Entombed ‘Serpent Saints’ Review
I picked up this album on cd, new & sealed, from a local charity shop for £2.99 a few days ago and when I got home I busily photographed it to sell on eBay. Then I thought I would check out some reviews, just on the off chance that this legendary Swedish band had returned to their roots…
As a fan of Nihilist since i got hold of the Premature Autopsy & Only Shreds Remain demos back in the late 80s, I eagerly anticipated, and was blown away by, Entombed’s first album, Left Hand Path. Clandestine followed and is arguably even more ferocious. Few albums have matched those over the years. I also like Wolverine Blues but I could already see the direction the band were going in.
Indeed, Wolverine Blues was the last Entombed album ever I invested in (when it came out) before Serpent Saints and I have never purchased anything of theirs since – it just doesn’t appeal.
And so, while I didn’t hesitate to purchase Serpent Saints for a mere £2.99, I did so not knowing what the fuck it would sound like. And I will tell you now, I fucking like it.
While this album doesn’t sound anything like their debut, it does have elements of Clandestine & Wolverine Blues and those elements comprise a harsh rawness and aggression, powered on by fucking brilliant vocals from LG Petrov. He has to be up there with the most powerful extreme metal vocalists ever.
The first track is the title track and is a powerful mid to fast tempo death metal track. The excellent chorus part really harks back to Clandestine days.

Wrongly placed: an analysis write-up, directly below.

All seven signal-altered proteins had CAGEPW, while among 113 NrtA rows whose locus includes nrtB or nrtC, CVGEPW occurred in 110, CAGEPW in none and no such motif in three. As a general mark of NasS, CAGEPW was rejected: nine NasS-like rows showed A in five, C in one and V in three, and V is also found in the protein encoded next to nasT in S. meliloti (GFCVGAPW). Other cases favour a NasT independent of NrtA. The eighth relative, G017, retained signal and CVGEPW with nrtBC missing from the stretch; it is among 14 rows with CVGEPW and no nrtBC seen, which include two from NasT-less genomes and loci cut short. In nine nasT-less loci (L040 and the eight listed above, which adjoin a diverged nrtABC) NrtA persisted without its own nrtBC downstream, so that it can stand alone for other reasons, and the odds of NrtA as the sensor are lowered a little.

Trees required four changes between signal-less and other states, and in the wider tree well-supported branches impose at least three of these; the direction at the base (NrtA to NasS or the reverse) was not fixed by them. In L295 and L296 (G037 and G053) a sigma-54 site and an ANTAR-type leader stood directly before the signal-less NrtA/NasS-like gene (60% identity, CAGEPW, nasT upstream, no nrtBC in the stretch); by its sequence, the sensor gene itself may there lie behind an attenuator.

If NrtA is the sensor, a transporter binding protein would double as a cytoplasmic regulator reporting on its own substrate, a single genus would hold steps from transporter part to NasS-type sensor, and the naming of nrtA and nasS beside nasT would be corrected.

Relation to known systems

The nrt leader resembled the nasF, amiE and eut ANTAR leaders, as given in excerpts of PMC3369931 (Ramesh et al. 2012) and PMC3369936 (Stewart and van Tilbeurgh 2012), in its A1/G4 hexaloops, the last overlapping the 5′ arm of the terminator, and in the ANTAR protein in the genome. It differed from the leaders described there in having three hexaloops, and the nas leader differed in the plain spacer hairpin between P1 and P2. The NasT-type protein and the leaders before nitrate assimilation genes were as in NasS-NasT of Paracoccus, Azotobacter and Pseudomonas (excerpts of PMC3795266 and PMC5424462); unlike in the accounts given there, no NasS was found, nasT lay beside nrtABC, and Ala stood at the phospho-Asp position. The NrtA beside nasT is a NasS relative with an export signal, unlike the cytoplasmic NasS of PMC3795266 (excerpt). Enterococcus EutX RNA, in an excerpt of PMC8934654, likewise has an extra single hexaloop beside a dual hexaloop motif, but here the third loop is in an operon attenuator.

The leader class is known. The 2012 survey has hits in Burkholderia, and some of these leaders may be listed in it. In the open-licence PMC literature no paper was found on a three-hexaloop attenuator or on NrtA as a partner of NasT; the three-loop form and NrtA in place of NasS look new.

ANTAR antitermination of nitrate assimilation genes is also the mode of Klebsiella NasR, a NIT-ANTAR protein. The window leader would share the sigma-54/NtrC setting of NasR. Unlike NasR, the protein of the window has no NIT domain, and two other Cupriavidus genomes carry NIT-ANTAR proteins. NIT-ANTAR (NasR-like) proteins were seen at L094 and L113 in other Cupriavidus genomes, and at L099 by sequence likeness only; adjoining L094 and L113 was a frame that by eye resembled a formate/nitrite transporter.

Following this is Masters Of Death, a relentless five minute thrash track that pays homage to death metal. Ok, the lyrics are a bit cheesy, but the intensity of it is just great. By this point I was getting rather excited…
Then, though, track 3 is a bit of a let down. Amok is probably what is regarded as ‘death’n’roll’ and reminds me of Swansong-era Carcass at the 1:10 to 1:30 mark. Its catchy in a commercial way I guess but that’s about it.
Next track Thy Kingdom Come could be from Wolverine Blues and is played at an uncomfortable up-tempo mid-pace, however, its not a bad track and is a welcome return to some aggression after Amok.
When In Sodom is an excellent track, catchy and fast, and yes, the lyrics are fucking stupid, but who cares about fucking lyrics really? The drum sound changes on this track and I guess, as it was released as a single, it was recorded at a different session. Its a lighter, cleaner, snare sound and suits the track well.
The next 5 tracks, apart from In The Blood (which is a boring plodder) are all good, hard, raw aggression. However, the snare sound does tend to disappear as the album goes on – it gets weaker and lower in the mix, ending up sounding more like the drums on Nihilist’s Drowned demo – kind of ineffective and lacking punch. The last track, Love Song For Lucifer, is a throwaway outro.
I have now listened to this album five times since I picked it up three days ago and its growing and growing. As someone who hasn’t listened to anything other than Entombed’s first three albums and who won’t buy anything else after those (and still won’t), I went into this with an open mind.
You should do the same.